Taking A Flyer On NHL Picks

Steve Murray
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Wednesday - October 19, 2005
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After 241 player movements, a plethora of rule changes, a complete restructuring of the league’s financial policies and season-long lockout, does anyone feel confident enough, or dumb enough, to take a stab at who will win the 2006 Stanley Cup? Confident? No. Lacking mental efficiency? Bingo!

Of all the teams expected to make a cup run, no one was busier than the Broad Street Bullies. Philadelphia replaced 13 players, second most in the league, from a team that squeaked by New Jersey for the Eastern Division title two years ago and was just a hair from the finals. The Flyers are a tad slow, and the new rules designed to open up the game could cause a bit of a problem. But by adding the league’s most complete player, Peter Forsberg, lights out defender Derian Hatcher - if he can stay healthy - and a corps of good, young players, the Flyers should be right there at the end.

No team may be better from top to bottom than Calgary. The signing of left winger Tony Amonte and center Daymond Langkow could give the Flames the best first line in hockey. It was the move they didn’t make, however, that will solidify their run to the finals. Unlike the Avalanche, who let Forsberg become a Flyer, Calgary made sure Jarome Iginla remained a Flame. Even with goalie Miikka Kiprusoff and his 1.69 goals against average, the lowest in the league since Canada bowed to Buckingham Palace, Calgary is only going as far as Iginla will take them.

The 2003-2004 Stanley Cup Champions should prosper under the new rules. Vincent Lecavalier, Brad Richards and league MVP Martin St. Louis can flat out move. The only real question about the Lightning returning to the finals is can they do it without Mikolai Khabibulin? His replacement, John Grahame, was very good as a backup (2.06 gaa and a .913 save percentage), but it’s still a downgrade at the game’s most important position. Especially when the playoffs start.

The one team that mirrors the Lighting is the Ottawa Senators; a solid corps of regulars with some questions at goalie. Gone from the net is Patrick Lalime (2.29 and .905) and in his place is 40-year-old Dominik Hasek. So far the Dominator has been playing like a spry 36-year-old, which just happens to be how old the formerly retired Czech was the last time he played regularly. He’s 3-0 with a 2.21 gaa and a .920 save percentage. How long he can maintain this is anyone’s guess. His history of groin trouble is a huge concern for the ever-sprawling netminder.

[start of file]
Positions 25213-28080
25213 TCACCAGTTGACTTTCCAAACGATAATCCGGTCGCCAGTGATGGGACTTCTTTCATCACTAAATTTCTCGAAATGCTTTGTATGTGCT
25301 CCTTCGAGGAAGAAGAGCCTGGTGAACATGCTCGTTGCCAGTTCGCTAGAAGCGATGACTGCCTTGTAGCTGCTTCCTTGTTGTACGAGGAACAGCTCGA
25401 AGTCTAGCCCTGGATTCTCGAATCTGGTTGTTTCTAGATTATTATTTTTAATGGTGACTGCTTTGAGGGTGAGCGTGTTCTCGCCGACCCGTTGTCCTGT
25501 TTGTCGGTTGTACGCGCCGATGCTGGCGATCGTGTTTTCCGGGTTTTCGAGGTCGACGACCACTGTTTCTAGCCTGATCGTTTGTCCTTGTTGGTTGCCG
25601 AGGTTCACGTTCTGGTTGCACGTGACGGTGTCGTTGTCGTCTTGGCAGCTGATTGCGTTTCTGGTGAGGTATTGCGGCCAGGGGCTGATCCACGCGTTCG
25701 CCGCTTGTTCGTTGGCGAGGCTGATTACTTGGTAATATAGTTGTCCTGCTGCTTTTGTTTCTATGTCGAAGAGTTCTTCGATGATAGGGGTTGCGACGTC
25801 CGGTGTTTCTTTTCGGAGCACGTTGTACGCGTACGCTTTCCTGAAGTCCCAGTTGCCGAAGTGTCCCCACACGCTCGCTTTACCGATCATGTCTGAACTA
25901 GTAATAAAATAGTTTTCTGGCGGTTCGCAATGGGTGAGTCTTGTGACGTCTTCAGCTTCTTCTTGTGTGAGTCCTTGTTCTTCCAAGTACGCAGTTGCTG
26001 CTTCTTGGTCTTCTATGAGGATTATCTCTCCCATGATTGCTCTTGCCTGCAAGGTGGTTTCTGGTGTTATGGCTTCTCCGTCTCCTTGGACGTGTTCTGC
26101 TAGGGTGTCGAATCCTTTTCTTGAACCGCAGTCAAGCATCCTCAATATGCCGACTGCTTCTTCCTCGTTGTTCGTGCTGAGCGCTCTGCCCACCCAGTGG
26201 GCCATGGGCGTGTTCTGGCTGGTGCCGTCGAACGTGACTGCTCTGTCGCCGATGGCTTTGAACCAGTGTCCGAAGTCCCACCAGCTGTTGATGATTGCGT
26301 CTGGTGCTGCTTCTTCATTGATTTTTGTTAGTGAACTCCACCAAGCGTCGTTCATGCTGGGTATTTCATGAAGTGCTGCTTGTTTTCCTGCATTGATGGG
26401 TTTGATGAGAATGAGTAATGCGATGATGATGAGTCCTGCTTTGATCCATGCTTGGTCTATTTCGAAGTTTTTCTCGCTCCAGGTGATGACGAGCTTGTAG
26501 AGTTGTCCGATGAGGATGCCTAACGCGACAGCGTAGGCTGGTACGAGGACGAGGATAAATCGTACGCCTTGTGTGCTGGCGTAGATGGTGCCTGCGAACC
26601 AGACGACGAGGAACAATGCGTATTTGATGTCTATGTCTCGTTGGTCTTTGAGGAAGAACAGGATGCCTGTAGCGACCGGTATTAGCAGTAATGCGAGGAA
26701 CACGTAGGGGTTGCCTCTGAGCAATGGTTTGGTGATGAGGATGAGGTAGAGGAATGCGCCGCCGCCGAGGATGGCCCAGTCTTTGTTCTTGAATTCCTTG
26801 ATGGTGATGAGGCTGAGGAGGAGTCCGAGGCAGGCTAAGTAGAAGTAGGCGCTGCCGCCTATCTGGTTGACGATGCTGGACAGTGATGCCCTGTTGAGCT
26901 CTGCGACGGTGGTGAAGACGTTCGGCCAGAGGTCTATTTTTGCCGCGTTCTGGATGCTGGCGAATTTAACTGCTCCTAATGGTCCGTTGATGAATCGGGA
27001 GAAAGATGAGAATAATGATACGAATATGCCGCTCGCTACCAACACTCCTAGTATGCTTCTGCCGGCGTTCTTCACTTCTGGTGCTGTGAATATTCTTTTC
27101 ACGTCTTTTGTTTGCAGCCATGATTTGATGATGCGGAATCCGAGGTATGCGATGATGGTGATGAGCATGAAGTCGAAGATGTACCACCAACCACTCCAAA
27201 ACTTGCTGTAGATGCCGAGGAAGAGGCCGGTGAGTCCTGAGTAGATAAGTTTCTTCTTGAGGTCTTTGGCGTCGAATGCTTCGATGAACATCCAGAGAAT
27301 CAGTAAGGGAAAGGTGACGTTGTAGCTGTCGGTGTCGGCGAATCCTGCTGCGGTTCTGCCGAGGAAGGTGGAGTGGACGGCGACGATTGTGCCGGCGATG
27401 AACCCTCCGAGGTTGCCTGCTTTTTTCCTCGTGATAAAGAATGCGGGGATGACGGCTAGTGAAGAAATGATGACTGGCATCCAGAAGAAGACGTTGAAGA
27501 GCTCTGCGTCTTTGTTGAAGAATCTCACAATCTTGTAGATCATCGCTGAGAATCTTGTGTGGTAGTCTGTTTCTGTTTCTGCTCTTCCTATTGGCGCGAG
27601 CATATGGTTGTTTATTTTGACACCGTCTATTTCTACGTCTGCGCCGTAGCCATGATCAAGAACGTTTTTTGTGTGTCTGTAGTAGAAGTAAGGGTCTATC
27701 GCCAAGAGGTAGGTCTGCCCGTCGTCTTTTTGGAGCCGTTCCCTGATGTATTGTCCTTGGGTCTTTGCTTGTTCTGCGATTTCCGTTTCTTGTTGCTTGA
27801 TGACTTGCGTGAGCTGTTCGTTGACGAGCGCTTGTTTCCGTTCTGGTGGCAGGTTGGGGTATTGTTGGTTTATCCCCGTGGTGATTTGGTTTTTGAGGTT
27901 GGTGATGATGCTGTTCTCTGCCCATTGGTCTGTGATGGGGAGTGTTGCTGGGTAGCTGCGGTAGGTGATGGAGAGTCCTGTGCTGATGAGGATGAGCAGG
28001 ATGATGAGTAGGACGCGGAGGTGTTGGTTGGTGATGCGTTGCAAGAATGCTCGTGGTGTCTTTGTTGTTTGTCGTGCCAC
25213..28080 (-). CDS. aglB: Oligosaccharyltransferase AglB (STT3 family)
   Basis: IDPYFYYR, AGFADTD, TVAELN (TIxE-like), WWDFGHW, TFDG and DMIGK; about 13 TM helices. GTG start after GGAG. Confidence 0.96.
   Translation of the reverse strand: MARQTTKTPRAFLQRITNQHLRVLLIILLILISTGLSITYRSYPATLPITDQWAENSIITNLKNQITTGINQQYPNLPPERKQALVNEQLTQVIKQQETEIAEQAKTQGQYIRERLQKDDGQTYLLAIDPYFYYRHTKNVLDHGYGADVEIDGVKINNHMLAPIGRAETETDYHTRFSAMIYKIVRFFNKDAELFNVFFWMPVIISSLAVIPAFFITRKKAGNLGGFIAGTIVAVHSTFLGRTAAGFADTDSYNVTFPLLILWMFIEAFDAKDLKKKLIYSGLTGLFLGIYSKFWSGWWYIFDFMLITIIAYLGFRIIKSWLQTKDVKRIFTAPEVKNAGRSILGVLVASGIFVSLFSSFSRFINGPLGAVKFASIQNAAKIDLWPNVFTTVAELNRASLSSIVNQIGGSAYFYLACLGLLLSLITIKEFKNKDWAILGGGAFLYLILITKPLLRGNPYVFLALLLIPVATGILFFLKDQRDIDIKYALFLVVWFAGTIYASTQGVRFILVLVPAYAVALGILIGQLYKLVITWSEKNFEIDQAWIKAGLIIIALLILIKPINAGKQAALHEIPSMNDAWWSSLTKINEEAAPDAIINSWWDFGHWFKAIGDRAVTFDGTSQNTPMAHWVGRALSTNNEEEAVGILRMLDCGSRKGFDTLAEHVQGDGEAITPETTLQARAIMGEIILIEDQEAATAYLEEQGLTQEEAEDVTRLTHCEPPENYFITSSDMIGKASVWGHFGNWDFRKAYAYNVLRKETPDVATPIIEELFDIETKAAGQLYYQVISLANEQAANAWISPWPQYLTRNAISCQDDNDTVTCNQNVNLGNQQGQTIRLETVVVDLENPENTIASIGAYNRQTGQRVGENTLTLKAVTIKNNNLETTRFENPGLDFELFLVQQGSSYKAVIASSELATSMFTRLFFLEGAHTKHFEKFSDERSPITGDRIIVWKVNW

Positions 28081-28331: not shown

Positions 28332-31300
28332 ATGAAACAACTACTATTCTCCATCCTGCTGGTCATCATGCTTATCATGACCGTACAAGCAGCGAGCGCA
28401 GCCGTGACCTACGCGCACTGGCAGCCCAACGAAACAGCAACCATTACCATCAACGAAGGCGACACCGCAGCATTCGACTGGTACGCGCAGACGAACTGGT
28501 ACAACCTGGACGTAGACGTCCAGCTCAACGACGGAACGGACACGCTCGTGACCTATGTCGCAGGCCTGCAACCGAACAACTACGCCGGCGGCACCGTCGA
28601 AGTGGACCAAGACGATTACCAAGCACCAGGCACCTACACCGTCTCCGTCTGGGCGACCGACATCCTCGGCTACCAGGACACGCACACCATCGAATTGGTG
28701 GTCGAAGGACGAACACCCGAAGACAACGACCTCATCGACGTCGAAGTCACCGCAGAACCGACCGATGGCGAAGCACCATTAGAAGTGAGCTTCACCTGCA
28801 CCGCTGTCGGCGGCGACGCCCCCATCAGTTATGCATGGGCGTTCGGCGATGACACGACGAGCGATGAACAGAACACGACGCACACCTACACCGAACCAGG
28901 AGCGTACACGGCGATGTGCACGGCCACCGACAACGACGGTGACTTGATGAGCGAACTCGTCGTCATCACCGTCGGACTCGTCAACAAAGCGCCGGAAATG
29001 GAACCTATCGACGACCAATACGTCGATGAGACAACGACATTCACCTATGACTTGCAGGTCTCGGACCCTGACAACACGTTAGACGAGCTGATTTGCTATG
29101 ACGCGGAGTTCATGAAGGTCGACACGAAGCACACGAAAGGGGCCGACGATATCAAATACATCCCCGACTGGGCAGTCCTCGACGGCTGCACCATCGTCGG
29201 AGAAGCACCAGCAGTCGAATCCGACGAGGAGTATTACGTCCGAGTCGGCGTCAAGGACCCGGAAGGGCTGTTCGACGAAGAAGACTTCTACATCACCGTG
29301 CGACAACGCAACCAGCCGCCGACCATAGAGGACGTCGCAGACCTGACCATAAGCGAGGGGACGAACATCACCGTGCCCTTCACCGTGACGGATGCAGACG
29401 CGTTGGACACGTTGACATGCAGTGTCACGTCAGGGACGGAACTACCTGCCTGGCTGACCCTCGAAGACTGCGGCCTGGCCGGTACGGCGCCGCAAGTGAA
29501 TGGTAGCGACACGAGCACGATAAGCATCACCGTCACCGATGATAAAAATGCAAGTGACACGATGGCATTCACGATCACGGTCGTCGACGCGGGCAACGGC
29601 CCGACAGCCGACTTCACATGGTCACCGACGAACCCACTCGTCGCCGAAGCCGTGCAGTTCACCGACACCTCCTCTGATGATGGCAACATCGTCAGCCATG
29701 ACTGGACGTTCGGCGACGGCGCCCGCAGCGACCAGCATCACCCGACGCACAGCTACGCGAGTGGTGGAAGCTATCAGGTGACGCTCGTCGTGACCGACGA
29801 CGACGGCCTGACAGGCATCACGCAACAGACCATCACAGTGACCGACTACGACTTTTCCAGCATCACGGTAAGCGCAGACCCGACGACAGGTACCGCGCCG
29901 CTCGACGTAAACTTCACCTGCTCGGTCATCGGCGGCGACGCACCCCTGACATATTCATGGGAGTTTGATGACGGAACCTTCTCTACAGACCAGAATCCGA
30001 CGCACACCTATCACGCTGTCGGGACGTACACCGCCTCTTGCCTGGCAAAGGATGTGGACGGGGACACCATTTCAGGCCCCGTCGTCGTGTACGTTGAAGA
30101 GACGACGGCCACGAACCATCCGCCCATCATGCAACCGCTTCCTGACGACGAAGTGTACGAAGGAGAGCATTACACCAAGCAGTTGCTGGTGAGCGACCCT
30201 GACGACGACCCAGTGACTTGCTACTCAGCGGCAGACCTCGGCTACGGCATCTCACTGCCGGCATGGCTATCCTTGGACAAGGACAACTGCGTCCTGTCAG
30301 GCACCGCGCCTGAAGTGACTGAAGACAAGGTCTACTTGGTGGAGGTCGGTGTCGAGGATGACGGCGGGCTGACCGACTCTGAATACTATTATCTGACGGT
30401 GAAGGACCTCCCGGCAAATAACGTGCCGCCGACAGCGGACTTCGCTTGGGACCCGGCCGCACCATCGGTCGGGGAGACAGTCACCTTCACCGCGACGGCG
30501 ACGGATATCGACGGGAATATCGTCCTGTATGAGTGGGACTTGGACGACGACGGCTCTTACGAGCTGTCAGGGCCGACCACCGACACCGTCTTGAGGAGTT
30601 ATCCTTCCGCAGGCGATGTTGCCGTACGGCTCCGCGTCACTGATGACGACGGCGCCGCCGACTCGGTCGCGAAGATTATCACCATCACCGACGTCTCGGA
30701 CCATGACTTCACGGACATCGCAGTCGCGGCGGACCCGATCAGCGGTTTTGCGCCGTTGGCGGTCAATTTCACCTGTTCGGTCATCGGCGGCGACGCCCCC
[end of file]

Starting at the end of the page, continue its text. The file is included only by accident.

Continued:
Even though the Red Wings had to give up a lot to get under the new salary cap, the shelves are not completely bare. Young stars Henrik Zetterberg and Pavel Datsyuk, who are used to the wide open International game, will be counted on to carry the offensive load while new coach Mike Babcock hopes aged front liners Steve Yzerman and Brendan Shanahan have enough left in the tank for one more run. Nicklas Lidstrom will once again be dominant on defense, but whether or not goalies Chris Osgood or Manny Legace are capable of being the man between the pipes remains to be seen.

Two final teams of interest are Vancouver and San Jose. If returning ambusher Todd Bertuzzi is not forced to carry too much baggage during the season, he and linemates Markus Naslund and Brendan Morrison could really screw up some teams’ plans for the post season. The Sharks may be the most interesting one of the bunch. Picked to be either one of the top teams in the league or a bottom feeder in the Western Conference, the young squad built for speed in a new faster game could go far. But if their detractors are correct, the loss of Mike Ricci, Vincent Damphousse, Mike Rathje and Todd Harvey will cost them dearly.

Confident or stupid? You decide.

Even though Calgary is struggling defensively during the early season, they should figure things out in time to meet Philly in the Stanley Cup Finals. The seven game series should be a tight one with Calgary coming out on top. Philly’s loss of four of its top five scorers combined with Kiprusoff’s net play should be enough to bring the cup back to Canada for the first time since 1993.

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